Why Cricket Captaincy Is Harder Than It Looks, Case In Point Chennai Super Kings
Cricket is different from many other sports when it comes to the role of the captain.
In football, the captain may be the leader on the pitch and a representative of the club off it, but the tactics, the style of play, and the decisions taken during the course of a game are very much dictated by the head coach. Meanwhile, in rugby, there may be mini-captains, somebody taking charge of the forwards, and somebody else leading the backs.
Cricket is different because it is very much the responsibility of the captain to lead. They make all the decisions on the pitch – who has to bowl and when, where to place the fielders, who should bat when – and is part of the formal leadership of the team off the field as well.
It can be a lonely job. Whilst the role can reward them with influence and standing within the team, there can be a social cost as well, because, by definition, they cannot be just one of the boys and enjoy the normal banter and camaraderie. They need to maintain a certain distance and objectivity. When somebody has the power to drop a player from a team, then it can often come at the cost of a friendship.
And being a captain also can mean having to make sacrifices, and putting others first. That can mean promoting somebody up the batting order ahead of them or choosing another player to bowl their overs.
And, it transpires that not everybody is cut out to be a skipper. There are many fine players who have tried it only to fail abjectly at the job. On the other hand, there is that rare breed of natural skipper, somebody whose individual ability would not merit a place in the team, but who transcends that because they are able to lead and inspire others.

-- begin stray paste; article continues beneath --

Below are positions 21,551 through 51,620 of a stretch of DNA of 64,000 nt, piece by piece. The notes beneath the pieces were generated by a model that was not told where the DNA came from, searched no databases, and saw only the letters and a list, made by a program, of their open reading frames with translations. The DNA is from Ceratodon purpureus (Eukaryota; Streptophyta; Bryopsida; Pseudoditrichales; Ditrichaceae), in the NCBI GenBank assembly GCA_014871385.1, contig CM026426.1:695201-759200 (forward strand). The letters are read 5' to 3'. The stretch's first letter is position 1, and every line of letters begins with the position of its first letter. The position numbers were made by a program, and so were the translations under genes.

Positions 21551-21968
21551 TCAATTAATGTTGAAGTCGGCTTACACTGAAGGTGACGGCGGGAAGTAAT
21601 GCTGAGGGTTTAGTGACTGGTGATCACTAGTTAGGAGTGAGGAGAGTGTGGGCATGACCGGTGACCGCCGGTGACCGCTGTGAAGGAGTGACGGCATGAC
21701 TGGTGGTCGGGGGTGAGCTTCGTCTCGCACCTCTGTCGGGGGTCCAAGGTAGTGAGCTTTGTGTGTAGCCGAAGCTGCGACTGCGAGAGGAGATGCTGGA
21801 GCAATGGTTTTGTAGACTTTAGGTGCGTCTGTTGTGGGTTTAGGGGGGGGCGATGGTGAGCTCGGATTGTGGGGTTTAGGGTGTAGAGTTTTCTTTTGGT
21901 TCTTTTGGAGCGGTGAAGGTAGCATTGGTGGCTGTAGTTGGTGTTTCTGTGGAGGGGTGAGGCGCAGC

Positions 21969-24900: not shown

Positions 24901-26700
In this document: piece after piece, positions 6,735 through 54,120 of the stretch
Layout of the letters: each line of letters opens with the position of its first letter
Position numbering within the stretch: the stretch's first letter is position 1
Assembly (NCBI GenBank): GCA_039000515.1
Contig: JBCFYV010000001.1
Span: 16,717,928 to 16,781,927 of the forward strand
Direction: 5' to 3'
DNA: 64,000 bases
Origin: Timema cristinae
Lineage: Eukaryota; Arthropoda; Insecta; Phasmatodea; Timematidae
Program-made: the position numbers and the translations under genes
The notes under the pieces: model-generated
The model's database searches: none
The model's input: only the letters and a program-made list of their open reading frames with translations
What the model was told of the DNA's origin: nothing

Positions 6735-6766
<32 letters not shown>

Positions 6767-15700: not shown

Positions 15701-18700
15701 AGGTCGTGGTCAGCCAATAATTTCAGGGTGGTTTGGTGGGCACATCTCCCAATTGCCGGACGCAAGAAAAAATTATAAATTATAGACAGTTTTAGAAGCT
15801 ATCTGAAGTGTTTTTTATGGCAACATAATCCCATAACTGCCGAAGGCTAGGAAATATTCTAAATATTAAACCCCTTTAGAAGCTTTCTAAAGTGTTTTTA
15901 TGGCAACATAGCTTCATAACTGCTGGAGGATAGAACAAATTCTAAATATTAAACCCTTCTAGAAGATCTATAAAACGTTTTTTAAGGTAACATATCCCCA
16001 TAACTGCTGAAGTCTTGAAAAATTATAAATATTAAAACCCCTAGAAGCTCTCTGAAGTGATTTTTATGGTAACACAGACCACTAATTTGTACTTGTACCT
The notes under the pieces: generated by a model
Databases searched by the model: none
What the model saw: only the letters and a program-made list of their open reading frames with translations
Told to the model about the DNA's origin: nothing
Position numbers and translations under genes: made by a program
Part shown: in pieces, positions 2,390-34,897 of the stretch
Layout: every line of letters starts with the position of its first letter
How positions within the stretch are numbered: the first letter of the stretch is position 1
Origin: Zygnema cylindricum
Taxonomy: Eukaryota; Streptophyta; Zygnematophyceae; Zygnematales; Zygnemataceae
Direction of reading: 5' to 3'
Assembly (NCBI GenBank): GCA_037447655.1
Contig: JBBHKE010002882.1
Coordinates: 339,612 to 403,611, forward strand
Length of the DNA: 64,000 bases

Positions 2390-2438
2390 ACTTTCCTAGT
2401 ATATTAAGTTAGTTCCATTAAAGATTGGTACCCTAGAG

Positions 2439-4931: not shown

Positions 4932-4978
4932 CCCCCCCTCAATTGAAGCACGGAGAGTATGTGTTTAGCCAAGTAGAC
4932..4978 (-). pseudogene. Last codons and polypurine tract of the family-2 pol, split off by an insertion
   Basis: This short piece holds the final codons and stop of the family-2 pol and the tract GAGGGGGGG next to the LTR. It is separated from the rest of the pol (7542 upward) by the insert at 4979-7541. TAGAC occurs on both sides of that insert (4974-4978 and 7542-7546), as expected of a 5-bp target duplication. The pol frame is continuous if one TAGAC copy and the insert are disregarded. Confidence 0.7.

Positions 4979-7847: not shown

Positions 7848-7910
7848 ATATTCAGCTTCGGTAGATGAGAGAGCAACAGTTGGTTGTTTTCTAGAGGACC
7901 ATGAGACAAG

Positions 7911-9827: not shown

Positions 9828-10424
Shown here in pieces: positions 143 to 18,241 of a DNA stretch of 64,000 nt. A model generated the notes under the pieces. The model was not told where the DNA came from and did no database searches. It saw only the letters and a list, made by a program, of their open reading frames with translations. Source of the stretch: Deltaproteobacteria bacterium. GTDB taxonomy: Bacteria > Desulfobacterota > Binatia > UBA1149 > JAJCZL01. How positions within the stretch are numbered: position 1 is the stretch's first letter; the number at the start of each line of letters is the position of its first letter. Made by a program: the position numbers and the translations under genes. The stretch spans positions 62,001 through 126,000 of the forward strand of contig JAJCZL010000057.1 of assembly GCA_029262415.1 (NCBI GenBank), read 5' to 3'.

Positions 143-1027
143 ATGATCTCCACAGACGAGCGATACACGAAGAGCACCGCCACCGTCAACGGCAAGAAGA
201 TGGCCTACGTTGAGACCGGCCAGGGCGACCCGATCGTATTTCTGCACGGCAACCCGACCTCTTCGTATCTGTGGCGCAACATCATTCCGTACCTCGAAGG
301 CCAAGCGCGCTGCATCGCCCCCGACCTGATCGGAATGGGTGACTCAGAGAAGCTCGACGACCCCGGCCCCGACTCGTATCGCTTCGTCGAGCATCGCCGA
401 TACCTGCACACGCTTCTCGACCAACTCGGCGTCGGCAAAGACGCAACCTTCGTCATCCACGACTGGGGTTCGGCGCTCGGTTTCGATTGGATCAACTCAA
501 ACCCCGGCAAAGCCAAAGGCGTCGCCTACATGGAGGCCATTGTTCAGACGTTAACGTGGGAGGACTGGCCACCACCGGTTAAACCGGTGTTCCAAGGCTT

All this can be seen with what happened to the Chennai Super Kings (CSK) this season. Ravindra Jadeja knew as early as last year that he would be taking over the captaincy of CSK from MS Dhoni, and had all winter to prepare for it.
Dhoni mentored him for the first two games of the new campaign, but then let him get on with the job as he saw fit. However, after CSK lost six out of their first eight games, Jadeja was realistic enough to realize that the game was up.
Not only had he failed to inspire his new charges, but the all-rounder’s form suffered and his batting, bowling, and fielding all suffered.
Jadeja stepped down, Dhoni took over once more, and the team started winning again. That does not mean that Jadeja has become a bad player overnight. Far from it. But the transition to the captain’s role in his case proved a step too far.
Andrew Flintoff, Brain Lara, Sachin Tendulkar, and Chris Gayle are all examples of great cricketers who turned out to be poor captains. That does not diminish their legacy, but it acknowledges that there were certain characteristics that they lacked.